Browned baby gem and Stawley

What makes a euphemism? Is it just anything that sounds a bit wrong? Or do you need malicious intent too? Hmmm.

Well, I’ve been enjoying cooking my lettuce recently. Sometimes quite hard. Sometimes a bit wet. Often when others aren’t around.

I really don’t intend to dissimulate anything by saying that. Put simply, and literally, cooked lettuce is great.

Classically, of course, shreds of lettuce are superb braised à la Française with peas, spring onions and mint. I like chucking some broad beans or asparagus in to Franglicise the dish a bit.

I’ve recently watched long quarters of Romaine be wilted and scorched, to great effect, in a frothing vat of brown butter, then served with rich lamb sweetbreads. Oh oui chef.

However I’m particularly enjoying just browning the inner parts of halved baby gem hearts and pairing them with whatever’s in the fridge or store cupboard (always a bit of cheese, mind).

A lunch of pan fried baby gems showered with grated parmesan was a particular treat when eaten alongside sardines on toast.

And, this evening, similar little gem hearts were cooked quickly in a reasonable amount of butter, topped with a slither of Stawley then placed for a few minutes in a warm oven, so the goat’s cheese just, but only just, started to bend and melt. On the side of a Barnsley chop and paired with a very herby crème fraiche dressing, the cooked lettuce was killer.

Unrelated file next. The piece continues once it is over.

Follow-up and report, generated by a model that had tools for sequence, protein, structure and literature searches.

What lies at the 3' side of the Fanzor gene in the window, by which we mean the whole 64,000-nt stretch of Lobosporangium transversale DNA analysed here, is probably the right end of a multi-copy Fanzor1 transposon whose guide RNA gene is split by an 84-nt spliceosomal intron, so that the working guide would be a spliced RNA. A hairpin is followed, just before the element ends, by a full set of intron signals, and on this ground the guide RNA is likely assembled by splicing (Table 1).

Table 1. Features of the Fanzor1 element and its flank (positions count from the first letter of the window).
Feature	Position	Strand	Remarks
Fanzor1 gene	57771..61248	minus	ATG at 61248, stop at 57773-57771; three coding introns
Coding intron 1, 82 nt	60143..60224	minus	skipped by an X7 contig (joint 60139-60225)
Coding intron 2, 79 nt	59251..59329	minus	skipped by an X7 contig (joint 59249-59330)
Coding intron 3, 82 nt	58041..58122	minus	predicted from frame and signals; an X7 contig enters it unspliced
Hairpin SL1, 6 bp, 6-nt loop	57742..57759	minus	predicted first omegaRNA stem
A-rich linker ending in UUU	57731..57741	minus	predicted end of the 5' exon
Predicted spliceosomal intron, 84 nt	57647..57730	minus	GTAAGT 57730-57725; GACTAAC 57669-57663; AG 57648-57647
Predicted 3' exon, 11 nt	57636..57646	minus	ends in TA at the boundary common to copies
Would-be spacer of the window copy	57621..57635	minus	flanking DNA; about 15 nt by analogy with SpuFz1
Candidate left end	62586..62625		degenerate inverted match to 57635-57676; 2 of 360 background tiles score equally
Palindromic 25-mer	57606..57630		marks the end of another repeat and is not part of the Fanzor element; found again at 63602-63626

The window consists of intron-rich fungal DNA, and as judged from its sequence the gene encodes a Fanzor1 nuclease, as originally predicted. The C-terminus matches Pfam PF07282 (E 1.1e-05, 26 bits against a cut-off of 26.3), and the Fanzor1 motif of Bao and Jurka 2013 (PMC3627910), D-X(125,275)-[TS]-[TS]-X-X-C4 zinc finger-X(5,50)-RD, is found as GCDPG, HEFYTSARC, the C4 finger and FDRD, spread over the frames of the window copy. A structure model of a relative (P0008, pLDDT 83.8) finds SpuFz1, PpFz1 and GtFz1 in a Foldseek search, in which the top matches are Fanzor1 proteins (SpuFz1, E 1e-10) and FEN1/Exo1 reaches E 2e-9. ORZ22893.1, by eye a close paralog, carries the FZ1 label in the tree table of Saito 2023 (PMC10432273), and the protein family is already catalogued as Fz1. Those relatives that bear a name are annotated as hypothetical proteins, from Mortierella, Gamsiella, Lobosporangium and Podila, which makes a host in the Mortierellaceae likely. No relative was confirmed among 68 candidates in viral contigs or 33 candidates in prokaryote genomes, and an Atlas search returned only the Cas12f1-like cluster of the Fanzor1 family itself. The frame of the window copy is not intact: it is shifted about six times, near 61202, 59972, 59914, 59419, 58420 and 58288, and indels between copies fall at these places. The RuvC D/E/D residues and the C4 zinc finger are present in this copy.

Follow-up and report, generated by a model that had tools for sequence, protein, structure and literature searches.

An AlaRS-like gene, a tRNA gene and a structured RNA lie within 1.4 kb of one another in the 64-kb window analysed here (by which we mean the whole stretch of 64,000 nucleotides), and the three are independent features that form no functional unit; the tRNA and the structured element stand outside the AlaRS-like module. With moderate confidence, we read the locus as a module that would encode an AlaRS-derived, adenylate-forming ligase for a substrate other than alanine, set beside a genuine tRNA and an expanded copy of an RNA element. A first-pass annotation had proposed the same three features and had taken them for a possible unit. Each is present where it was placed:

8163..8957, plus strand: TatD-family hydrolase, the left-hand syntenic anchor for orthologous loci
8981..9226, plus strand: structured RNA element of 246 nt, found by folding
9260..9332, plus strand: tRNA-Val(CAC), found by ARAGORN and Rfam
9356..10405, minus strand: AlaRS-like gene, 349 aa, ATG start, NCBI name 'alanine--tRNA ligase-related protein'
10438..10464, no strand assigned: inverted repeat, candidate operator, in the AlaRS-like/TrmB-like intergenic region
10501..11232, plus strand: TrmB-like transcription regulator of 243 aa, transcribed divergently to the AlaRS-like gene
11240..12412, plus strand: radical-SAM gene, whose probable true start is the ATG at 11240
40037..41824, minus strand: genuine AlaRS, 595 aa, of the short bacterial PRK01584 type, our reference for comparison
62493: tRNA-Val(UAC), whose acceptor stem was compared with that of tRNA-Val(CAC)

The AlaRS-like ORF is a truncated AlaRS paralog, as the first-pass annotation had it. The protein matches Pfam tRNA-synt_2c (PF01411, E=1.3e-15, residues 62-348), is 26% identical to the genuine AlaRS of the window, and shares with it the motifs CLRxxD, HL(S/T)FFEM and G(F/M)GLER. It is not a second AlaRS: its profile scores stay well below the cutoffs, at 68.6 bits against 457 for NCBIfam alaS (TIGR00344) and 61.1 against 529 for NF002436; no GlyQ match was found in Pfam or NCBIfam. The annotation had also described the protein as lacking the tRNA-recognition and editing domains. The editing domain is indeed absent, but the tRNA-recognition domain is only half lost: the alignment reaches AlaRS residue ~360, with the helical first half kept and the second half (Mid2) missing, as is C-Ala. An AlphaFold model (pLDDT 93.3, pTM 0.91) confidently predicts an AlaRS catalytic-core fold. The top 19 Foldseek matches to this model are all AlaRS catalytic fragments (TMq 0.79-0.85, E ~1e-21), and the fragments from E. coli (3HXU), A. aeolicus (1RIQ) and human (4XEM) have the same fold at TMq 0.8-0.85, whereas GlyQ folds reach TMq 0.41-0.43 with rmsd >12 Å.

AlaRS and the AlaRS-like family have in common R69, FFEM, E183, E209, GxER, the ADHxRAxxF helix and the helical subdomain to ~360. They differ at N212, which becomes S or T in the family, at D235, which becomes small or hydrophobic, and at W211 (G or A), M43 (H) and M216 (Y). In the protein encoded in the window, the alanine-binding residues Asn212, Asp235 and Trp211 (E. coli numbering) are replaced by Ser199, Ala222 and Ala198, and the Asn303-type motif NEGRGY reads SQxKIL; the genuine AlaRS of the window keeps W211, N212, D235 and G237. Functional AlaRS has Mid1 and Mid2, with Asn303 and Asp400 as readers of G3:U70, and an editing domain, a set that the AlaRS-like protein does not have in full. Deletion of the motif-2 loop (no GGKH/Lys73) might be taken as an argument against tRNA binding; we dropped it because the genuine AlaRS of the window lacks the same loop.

I can see this becoming a bit of a habit. There are worse ones, I suppose.

Browned lettuce and a Barnsley chop

Browned baby gem lettuce and Stawley

Per person as a side – though I’m sure you could eat more

  • 1 baby gem heart (washed)
  • A slither of Stawley (or another hard goat’s cheese)
  • 15g butter
  • Sea salt and ground black pepper

Pre heat your oven to 140C. Put a heavy bottomed frying pan on a medium-high heat. Get a ceramic, cast iron or pyrex baking dish ready.

Slice your lettuce hearts in half lengthways. Trim any brown bits off the end of the core, but be careful not to release any outer leaves when doing so. Add the butter to the pan and let it melt then start to foam. Place the lettuce hearts on the butter, core side down. Cook for 2-3 minutes, until the lettuce is a nice golden brown on the inside, but still relatively fresh on the outside.

Transfer the hearts to the baking dish, this time lying them on their backs. Drizzle any butter from the pan over the hearts and season with a good pinch of salt and pepper. Top with a 2-3mm thick slither of goat’s cheese. Place in the oven for 4 minutes so that the cheese just warms, but before the lettuce wilts to nothing.